It would seem, then, that Putin's statements about external forces working against Russia through terrorists were addressed to his domestic audience, an effort to avoid political responsibility for the failure of his policies in Chechnya and the Caucasus. He also undoubtedly wishes to avoid forcing his beloved state-security organs to be accountable for this stark failure to protect Russian citizens. The externalization of culpability is often a defense of those in weak positions.

Effective Politics Foundation head and Kremlin insider Gleb Pavlovskii told RTR on 6 September that during the Beslan siege the present political system demonstrated its uselessness because no political parties or politicians raised their voices against "the lies that overflowed the whole country."

Another Kremlin insider, National Strategy Institute head Stanislav Belkovskii told RFE/RL on 7 September that the Kremlin administration was seized by panic and dismay during the crisis, as reflected by numerous conflicting statements from Russian officials during this time.

The Beslan crisis has highlighted the failure of the Kremlin's policies in Chechnya, despite the concerted efforts of the Kremlin to deflect such considerations. Belkovskii noted that the Kremlin's policy in the region relies on pro-Moscow figures like Ingush President Murat Zyazikov and Chechen leader Alu Alkhanov, figures who all but disappeared from public view during the crisis.

The country's political parties -- on both ends of the political spectrum -- have only slowly been aroused from their lethargy and begun to criticize Putin's claims of external forces behind the wave of terror. In a statement posted on its website ( on 7 September, the Communist Party said "the roots of the tragedy can be found not in 'international terrorism,' which is a convenient smokescreen for the drama, but inside the country."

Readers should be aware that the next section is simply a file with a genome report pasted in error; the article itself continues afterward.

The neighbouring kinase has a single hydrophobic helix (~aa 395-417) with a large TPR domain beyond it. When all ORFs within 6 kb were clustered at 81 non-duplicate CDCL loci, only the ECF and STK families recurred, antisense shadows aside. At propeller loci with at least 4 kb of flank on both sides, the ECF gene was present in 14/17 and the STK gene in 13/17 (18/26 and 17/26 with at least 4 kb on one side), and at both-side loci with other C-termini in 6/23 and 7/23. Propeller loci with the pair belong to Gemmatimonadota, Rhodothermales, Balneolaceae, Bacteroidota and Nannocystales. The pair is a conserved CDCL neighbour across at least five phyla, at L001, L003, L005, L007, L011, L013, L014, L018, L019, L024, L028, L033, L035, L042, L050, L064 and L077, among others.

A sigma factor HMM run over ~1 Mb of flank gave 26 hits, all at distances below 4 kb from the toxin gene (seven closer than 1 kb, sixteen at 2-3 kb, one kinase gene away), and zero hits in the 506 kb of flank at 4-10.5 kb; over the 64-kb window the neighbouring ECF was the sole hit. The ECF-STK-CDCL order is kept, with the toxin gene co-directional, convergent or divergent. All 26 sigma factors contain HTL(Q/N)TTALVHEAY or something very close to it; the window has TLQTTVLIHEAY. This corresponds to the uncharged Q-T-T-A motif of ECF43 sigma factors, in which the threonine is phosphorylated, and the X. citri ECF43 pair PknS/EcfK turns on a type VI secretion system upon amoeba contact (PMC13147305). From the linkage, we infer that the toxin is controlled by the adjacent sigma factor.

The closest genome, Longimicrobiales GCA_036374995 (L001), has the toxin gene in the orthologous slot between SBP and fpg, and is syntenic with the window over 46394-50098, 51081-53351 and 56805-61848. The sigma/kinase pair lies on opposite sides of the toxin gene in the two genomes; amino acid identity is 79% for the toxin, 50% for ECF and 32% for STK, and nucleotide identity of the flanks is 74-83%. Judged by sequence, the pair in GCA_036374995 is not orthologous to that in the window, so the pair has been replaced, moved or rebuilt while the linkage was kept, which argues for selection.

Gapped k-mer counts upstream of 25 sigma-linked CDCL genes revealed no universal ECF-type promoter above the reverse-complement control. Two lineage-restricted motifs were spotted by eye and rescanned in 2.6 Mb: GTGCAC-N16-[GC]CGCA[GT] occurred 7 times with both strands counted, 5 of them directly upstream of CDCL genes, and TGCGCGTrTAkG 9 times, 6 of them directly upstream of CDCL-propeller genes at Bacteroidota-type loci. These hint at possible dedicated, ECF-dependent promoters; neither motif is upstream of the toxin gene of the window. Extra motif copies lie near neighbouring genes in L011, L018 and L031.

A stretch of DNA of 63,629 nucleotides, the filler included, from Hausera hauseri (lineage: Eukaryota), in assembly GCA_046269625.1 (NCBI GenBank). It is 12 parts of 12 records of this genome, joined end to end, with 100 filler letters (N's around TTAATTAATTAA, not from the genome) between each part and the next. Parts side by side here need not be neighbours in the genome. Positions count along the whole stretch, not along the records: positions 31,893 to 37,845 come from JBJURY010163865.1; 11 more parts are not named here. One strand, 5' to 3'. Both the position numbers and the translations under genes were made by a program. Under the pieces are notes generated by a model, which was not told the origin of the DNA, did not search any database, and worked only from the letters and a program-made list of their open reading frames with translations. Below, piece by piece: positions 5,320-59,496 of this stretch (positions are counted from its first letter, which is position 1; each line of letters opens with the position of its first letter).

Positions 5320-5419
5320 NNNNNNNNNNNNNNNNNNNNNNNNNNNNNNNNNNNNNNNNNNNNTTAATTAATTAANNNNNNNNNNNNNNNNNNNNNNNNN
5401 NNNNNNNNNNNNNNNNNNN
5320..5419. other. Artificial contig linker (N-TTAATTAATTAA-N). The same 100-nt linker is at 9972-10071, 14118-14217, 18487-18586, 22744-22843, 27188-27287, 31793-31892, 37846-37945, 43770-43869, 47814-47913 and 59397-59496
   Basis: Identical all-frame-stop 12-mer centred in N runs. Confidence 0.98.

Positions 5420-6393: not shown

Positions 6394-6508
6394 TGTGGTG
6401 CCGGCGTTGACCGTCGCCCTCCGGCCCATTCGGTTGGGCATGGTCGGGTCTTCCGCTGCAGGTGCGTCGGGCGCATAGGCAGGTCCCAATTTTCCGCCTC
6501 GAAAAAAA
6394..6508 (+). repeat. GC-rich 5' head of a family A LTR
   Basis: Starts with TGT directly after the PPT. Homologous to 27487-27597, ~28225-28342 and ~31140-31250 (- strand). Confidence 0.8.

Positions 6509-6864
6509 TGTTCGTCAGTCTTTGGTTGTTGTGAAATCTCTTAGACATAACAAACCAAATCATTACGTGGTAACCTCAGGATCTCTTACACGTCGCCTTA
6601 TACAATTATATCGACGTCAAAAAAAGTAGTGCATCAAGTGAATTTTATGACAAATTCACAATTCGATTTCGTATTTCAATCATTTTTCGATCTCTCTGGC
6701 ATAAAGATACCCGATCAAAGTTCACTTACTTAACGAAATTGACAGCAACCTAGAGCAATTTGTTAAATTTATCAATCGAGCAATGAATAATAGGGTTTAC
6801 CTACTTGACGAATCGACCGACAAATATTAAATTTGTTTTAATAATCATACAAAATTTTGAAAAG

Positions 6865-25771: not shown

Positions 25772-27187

The Communist Party statement called for the resignation of the entire Russian leadership. "The Putin regime directs all its efforts toward the struggle with the [political] opposition, the suppression of the independent mass media, with producing the 'required results' in elections, and the construction of a vertical of power that proved helpless during this crisis," the statement said. "Law enforcement has been transformed into an instrument for carrying out the authorities' political orders."

Yabloko leader Grigorii Yavlinskii on 7 September also called for the resignation of the heads of the security organs and for the creation of an independent commission to investigate the terrorist attacks, reported. The Motherland party also called for the resignation of the government and for disbanding the Duma, which it dismissed as "a rubber stamp," the website reported.

Clearly, as the period of mourning recedes, many Russians are seeing the real face of the country's leadership in a whole new light.